The Human Hurdle: Improve Autonomy, Remove Delay, and Speed Will Follow
Article by Tom Serres
The human hand has constructed supply chains throughout the span of their evolution and managed them at every step of the way. However, technology has advanced to the point where supply chains are prepared for autonomy, utilizing a potent combination of blockchain, AI, IoT, and other assorted innovations to learn, grow, and adapt relative to countless variables. The largest hurdles still separating hungry consumer demand and tomorrow’s fast, reliable, and prescient cognitive supply chains are humanity’s ability to build sufficient machine trust and our learning to stay out of technology’s way.
Humans Are Inefficient
Supply chains have historically been built upon human trust and cooperation. As a result, they have often been susceptible to information silos, communication gaps, and other assorted inefficiencies. And this has only become truer over the past two decades. Modern supply chains are ill-equipped to handle ever-increasing demand precipitated by e-commerce and mobile technology, where virtually the entire retail environment sits in the palm of a consumer’s hand.
Any latencies in today’s supply chains, where there is so little room for error, create a cascading effect that leaves customer bases unsatisfied with service, brands exposed to negative feedback, and the many components comprising supply chains scrambling to recover. This wide-sweeping impact is the inevitable conclusion of a reliance on human actors incapable of adequately handling the many issues within hypercomplex supply chains that must be agile and smart, absorbing and contorting around the many variables constantly thrown their way.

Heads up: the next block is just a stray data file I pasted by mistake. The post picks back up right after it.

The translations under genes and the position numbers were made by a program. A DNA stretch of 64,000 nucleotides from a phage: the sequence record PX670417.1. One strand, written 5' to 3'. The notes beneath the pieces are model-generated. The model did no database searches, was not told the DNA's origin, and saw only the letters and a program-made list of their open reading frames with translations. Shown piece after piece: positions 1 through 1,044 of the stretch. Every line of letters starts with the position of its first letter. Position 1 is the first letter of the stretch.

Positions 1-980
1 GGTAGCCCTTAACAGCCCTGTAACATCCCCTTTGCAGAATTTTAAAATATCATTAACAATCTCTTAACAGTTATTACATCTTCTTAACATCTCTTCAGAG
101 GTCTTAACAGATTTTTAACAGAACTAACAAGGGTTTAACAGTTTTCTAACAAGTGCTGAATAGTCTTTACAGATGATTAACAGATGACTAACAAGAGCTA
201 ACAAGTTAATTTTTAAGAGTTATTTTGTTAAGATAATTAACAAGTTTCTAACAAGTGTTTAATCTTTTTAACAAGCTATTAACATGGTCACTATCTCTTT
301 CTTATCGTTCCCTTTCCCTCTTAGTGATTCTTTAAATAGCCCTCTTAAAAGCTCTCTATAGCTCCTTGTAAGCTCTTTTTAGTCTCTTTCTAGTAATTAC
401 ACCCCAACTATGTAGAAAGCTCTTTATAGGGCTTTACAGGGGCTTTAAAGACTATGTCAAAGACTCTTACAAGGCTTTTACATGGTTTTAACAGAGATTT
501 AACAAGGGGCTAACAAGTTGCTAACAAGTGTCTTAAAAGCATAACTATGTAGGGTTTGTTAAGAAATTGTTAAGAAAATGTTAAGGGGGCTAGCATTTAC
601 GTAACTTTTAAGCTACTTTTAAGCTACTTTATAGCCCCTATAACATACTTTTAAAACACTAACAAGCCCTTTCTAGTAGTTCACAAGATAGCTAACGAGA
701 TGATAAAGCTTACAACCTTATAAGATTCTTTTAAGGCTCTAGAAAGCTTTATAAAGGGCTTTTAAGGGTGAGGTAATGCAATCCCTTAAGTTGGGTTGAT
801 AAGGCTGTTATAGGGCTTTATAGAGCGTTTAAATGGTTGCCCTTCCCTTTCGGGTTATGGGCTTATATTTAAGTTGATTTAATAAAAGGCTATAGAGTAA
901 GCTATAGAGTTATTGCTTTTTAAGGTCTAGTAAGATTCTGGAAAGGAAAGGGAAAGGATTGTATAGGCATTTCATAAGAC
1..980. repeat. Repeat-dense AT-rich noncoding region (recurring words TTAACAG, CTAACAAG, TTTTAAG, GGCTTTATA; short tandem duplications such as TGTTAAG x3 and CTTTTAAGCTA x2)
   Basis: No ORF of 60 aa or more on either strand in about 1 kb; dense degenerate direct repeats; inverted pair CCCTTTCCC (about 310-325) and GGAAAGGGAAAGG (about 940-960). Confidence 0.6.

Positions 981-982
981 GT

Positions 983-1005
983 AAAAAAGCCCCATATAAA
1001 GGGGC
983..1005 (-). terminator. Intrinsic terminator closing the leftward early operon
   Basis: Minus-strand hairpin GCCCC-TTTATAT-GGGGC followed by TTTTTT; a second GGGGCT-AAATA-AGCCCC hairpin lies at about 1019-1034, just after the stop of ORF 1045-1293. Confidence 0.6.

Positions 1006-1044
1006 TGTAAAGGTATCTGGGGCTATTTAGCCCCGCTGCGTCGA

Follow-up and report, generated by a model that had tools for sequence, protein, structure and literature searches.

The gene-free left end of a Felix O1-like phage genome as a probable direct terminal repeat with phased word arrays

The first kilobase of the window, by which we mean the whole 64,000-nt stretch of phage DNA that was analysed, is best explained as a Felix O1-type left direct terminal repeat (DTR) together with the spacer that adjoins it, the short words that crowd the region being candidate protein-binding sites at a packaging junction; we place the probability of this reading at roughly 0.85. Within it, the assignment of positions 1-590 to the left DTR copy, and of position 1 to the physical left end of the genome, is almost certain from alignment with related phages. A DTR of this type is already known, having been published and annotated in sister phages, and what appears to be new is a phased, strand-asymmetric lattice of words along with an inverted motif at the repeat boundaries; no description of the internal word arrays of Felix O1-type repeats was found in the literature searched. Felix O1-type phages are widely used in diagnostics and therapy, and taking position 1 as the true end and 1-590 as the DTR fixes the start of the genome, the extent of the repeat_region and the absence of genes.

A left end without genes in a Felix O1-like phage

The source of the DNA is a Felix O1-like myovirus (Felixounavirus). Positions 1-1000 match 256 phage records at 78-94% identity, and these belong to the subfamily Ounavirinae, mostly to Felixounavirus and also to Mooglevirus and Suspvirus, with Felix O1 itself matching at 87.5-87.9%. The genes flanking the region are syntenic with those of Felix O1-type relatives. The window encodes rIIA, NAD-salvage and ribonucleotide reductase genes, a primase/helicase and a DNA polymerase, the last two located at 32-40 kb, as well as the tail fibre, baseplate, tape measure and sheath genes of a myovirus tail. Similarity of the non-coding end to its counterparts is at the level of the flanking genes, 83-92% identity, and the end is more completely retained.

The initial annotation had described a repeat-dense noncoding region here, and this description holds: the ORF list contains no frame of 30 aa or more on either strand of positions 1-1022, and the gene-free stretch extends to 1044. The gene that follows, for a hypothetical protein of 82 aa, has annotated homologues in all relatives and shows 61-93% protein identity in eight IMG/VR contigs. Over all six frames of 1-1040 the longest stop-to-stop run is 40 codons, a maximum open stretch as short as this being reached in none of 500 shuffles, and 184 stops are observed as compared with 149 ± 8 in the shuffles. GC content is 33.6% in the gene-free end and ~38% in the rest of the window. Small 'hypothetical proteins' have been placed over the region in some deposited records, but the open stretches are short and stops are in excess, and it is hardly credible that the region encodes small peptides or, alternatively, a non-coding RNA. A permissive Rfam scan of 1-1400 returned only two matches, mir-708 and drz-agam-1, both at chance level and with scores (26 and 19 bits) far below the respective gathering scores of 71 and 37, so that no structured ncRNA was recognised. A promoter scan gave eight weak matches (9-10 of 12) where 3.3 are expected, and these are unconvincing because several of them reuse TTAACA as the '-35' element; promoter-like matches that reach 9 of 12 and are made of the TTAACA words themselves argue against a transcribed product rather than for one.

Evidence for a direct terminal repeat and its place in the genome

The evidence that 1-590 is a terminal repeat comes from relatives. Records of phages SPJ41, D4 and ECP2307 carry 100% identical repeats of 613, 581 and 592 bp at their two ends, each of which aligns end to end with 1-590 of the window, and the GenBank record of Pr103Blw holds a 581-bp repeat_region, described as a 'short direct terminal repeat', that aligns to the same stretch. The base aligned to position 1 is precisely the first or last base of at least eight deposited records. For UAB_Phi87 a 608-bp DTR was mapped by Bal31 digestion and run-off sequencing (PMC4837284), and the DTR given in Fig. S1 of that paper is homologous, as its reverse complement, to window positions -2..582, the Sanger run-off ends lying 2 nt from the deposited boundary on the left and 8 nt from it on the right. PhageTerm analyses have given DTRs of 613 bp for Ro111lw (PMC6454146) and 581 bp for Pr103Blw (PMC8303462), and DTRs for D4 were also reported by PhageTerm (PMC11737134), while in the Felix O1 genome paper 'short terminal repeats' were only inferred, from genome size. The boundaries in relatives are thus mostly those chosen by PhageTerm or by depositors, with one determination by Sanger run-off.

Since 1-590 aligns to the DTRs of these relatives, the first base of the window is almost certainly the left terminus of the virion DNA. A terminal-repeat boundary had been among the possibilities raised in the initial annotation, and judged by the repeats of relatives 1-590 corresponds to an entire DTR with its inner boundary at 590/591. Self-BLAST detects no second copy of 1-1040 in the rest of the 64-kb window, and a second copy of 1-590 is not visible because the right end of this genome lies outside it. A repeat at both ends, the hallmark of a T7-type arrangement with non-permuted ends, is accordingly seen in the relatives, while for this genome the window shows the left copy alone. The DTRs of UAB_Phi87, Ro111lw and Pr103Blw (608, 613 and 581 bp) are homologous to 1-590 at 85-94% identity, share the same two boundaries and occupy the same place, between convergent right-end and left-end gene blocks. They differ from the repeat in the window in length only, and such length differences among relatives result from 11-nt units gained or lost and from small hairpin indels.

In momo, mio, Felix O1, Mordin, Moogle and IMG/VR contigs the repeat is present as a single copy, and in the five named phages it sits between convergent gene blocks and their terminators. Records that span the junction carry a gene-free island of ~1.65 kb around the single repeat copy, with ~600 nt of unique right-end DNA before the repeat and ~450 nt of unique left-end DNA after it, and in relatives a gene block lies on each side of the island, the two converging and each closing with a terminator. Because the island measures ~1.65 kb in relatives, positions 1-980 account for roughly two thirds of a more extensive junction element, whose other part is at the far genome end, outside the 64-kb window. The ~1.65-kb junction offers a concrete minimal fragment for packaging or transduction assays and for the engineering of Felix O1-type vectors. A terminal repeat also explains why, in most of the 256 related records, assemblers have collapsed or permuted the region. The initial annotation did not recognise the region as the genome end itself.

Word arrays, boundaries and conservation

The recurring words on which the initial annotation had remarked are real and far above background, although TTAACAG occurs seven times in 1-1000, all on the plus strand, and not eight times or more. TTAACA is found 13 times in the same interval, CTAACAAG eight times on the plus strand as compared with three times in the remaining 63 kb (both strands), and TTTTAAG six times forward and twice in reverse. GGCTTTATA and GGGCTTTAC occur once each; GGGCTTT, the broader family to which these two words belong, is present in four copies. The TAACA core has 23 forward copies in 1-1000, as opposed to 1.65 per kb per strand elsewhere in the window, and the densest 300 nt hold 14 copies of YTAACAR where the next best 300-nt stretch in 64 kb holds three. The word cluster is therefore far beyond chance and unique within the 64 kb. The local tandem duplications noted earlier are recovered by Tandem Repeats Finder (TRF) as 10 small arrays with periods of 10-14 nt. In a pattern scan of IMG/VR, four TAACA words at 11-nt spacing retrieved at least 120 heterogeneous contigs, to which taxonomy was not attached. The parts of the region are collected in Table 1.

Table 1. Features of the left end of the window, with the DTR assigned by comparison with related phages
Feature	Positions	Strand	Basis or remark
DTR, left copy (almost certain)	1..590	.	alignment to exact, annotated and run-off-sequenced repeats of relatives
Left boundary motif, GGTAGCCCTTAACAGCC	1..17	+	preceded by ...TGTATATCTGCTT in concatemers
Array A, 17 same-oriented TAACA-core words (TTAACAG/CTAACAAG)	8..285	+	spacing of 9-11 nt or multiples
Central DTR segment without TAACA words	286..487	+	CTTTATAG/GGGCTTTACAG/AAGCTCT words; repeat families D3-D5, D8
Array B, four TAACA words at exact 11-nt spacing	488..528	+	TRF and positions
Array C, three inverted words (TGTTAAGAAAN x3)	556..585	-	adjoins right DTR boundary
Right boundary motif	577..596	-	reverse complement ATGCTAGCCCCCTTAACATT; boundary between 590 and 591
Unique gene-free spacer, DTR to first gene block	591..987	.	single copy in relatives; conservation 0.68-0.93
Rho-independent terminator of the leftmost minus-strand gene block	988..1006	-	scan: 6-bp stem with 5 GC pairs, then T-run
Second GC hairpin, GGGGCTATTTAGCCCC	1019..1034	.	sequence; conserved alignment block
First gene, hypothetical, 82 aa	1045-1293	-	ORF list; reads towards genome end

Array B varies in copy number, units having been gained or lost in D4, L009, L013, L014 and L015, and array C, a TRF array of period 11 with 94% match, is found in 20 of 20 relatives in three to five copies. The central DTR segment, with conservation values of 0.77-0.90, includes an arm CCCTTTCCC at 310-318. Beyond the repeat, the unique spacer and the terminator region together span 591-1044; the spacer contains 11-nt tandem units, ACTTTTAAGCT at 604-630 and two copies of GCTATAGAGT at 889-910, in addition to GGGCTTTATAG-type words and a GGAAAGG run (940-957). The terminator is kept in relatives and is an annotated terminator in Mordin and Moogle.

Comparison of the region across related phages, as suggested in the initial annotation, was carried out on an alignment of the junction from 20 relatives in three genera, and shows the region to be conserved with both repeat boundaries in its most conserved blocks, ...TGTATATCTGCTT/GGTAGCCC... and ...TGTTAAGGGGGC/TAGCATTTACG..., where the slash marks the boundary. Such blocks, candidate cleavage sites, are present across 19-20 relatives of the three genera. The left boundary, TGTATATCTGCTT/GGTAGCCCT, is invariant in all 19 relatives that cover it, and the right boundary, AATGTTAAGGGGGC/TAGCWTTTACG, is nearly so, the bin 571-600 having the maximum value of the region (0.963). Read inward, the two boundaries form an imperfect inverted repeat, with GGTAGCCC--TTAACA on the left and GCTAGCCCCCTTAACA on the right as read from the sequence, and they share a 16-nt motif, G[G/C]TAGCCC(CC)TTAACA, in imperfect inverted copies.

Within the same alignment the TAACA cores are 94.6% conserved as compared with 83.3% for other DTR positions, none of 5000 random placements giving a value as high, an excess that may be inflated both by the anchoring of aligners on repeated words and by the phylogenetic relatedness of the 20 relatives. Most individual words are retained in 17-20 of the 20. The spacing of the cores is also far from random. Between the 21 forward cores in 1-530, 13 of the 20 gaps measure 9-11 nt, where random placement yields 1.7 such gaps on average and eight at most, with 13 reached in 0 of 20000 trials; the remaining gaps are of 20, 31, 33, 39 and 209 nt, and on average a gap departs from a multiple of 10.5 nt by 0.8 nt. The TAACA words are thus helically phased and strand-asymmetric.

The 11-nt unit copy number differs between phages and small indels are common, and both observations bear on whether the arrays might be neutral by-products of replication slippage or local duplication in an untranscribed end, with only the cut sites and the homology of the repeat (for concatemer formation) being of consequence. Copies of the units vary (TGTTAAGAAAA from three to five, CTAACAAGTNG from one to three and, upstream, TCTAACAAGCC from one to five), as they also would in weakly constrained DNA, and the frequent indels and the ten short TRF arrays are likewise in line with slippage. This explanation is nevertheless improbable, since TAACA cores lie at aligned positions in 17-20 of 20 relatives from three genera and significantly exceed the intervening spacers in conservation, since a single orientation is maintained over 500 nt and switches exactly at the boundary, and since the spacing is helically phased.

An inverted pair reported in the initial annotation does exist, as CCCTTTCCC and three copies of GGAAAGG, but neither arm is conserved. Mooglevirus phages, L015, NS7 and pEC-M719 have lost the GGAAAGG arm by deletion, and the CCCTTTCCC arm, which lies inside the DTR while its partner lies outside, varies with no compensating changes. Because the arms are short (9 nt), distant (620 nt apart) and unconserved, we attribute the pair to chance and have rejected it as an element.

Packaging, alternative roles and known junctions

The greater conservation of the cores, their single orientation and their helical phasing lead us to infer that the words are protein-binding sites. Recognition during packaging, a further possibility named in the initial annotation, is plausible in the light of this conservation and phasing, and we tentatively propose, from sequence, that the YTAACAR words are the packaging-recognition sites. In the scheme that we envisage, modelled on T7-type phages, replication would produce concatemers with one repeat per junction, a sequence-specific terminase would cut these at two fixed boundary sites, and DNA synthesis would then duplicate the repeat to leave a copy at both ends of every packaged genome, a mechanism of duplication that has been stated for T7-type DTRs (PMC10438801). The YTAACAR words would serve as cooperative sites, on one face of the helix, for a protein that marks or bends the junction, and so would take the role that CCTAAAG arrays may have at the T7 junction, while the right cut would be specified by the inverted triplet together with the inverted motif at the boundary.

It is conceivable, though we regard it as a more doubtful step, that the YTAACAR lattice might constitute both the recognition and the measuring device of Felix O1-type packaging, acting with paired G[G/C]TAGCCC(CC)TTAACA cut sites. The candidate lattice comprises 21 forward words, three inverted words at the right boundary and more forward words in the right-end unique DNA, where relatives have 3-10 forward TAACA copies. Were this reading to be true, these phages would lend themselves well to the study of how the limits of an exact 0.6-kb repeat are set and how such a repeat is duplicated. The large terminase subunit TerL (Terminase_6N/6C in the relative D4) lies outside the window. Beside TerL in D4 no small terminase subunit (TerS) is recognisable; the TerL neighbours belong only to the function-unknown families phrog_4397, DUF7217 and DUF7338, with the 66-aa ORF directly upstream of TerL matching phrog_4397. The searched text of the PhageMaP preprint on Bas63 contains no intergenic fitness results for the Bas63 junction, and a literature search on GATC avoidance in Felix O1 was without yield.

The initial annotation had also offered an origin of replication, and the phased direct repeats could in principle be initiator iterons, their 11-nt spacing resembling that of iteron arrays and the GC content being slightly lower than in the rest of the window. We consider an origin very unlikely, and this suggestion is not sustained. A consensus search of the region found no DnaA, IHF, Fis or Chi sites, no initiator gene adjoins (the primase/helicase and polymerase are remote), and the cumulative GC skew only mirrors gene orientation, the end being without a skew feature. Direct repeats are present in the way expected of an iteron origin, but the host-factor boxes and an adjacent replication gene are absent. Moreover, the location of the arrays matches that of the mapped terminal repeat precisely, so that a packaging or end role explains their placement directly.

Building a Future of Machine Trust
To avoid latencies that wreak havoc on all levels of commerce, machine trust must be fostered and invested in. Put another way, human beings need to develop the ability to equip supply chains with cognitive tools that evolve along with the marketplace and, just as importantly, have the strength and foresight to then get out of the way.
A properly equipped, cognitive supply chain is autonomous and responsive.. From the manufacturing lines to distribution centers, transaction platforms to communication channels, information is freely shared between the many necessary components, all functioning within a decentralized framework that is free of human interference as well as unnecessary intermediaries. Blockchain enables the secure exchange of money and data without banks or redundant clearinghouses. Likewise, AI absorbs information regarding everything from weather patterns to consumer behavior to construct algorithmic models that anticipate distribution issues and expected demand, minimizing the risk of shortages and disruptions.
The technology needed to drive such cognitive networks is, in many instances, already being implemented to improve efficiency in specific areas of supply chains. While adopting one piece of the solution set is still beneficial – like a manufacturer that automates production with robotic technology but doesn’t use IoT to monitor machine fatigue – it is a mere fraction of what a comprehensive solution set affords both the supply and demand sides of the economy.
Supply chains are ready to head out into the world on their own, no longer needing to be coddled along the way. If human beings can supply them with the autonomy required to evolve, cognitive supply chains offer a host of improvements to contemporary commercial processes. To learn even more, check out our white paper.